Mind the GAAP: Private Companies Want Accounting Fixes

Private companies are calling for their own accounting playbook.

While privately held companies easily make up the majority of businesses in the U.S., they still are governed by the same set of basic accounting standards as huge public companies such as Boeing Co. or IBM Corp.

Scrapbooking stores, corner Thai restaurants and venture-backed startups say that’s not fair.

The issue has been discussed in the accounting industry for years. Accountants and private companies say the standard set of regulations aren’t just pointless—they increase costs and burden private companies with time-consuming accounting hassles.

Until now, the issue hasn’t moved toward a fix.

In May, the American Institute of Certified Public Accountants’ governing council said it would work with the Financial Accounting Standards Board to evaluate potential changes to generally accepted accounting principles, known as GAAP, that govern financial reporting.

This could result in changes to GAAP for private companies, an official said.

“We were hearing from our members more and more,” said Dan Noll, director of accounting standards for the American Institute of Certified Public Accountants. “We decided we better check on this.”

Private and public companies don’t face the same issues and shouldn’t live under the same GAAP rules, critics say.

Shareholders own public companies and have a right to see details of their investment. But private companies typically have just a few investors and have to show their results to a handful of people, such as bankers or venture investors.

In a recent survey by the American Institute of Certified Public Accountants, 29% of private companies said they don’t release financial statements at all because they do so little borrowing or have so few outside investors.

The survey also revealed a dozen requirements under GAAP that respondents said had “low” relevance or usefulness.

“From a broad perspective, GAAP’s financial (reporting) was found to be rated fairly high on an overall basis,” Noll said. “Then, when you got into the details, what we found was that too many financial results were not useful.”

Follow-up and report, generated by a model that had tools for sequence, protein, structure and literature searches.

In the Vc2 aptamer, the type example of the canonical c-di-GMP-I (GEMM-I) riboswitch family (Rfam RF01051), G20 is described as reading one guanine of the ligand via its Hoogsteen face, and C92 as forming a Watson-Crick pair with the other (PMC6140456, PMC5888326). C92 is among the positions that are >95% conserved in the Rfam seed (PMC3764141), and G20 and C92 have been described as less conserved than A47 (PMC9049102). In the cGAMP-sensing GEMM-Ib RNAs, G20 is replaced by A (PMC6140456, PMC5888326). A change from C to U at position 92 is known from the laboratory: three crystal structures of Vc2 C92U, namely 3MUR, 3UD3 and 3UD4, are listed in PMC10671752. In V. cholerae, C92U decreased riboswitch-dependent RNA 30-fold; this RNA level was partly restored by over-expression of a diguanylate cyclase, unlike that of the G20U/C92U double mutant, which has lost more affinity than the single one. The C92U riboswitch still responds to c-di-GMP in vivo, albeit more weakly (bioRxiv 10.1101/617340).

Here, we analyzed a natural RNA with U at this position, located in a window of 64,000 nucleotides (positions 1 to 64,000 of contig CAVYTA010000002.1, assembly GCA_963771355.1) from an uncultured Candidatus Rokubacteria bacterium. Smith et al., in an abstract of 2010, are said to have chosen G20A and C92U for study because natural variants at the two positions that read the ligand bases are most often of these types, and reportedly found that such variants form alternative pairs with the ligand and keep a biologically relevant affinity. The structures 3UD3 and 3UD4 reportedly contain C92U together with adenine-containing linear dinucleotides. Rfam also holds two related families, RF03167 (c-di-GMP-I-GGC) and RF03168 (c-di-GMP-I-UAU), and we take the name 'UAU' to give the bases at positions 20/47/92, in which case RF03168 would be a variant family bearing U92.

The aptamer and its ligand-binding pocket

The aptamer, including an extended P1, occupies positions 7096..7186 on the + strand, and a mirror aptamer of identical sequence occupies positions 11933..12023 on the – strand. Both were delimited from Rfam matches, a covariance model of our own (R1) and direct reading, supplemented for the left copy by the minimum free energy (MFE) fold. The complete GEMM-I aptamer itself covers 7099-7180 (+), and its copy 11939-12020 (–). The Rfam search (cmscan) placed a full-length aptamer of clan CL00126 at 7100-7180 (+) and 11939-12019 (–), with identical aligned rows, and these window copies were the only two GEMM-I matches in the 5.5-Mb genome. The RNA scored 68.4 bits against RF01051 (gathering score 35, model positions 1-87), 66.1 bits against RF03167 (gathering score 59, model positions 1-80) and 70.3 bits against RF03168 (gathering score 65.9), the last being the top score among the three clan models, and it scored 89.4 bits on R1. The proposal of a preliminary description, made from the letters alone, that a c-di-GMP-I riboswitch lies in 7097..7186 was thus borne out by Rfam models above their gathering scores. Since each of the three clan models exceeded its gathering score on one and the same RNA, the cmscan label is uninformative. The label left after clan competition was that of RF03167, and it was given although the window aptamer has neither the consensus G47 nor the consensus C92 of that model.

Rick Rayson, managing partner with Deloitte & Touche LLP in Costa Mesa, said it makes sense to review some GAAP rules for private companies. There should be a review of standards for some private companies that have limited distribution of their financial reports.

For those companies that show their financials to few people, “probably all of the public company disclosure requirements are not necessary,” he said.

Still, some worry that different accounting standards for private and public companies could create confusion.

“In broad terms, yes, it would be a concern,” said Jim Kolar, managing partner of PricewaterhouseCoopers LLP in Irvine. “You have to see how it plays out (though).”

A task force formed by the American Institute of Certified Public Accountants last year argued for some changes.

“GAAP currently is not adequately meeting the distinctly different needs of private company constituents,” a task force report said.

GAAP standards are applied to private companies to give outside stakeholders, such as bankers, a good picture of a company’s finances.

The principles don’t vary, so stakeholders don’t have to worry that “net profit” or “asset value” is different from one company to the next.

GAAP rules govern everything from recognizing assets and liabilities to the notes attached to a financial statement.

For the most part, the standards are applied the same way to public and private companies.

Although basic accounting principles such as how revenue is recognized isn’t up for review, other rules under consideration include how to account for stock options.

“Private companies have a difficult time applying fair-value standards for things like stock options,” said Wayne Pinnell, managing partner for Haskell & White LLP in Irvine. “They don’t have traded securities.”

Yet for all its support, there are some concerns about shaking up the GAAP requirements too much.

Investors, analysts or even bankers could struggle to size up private and public companies operating in the same industry.

“It could create some confusion,” Pinnell said. “I think it’s a double-edged sword.”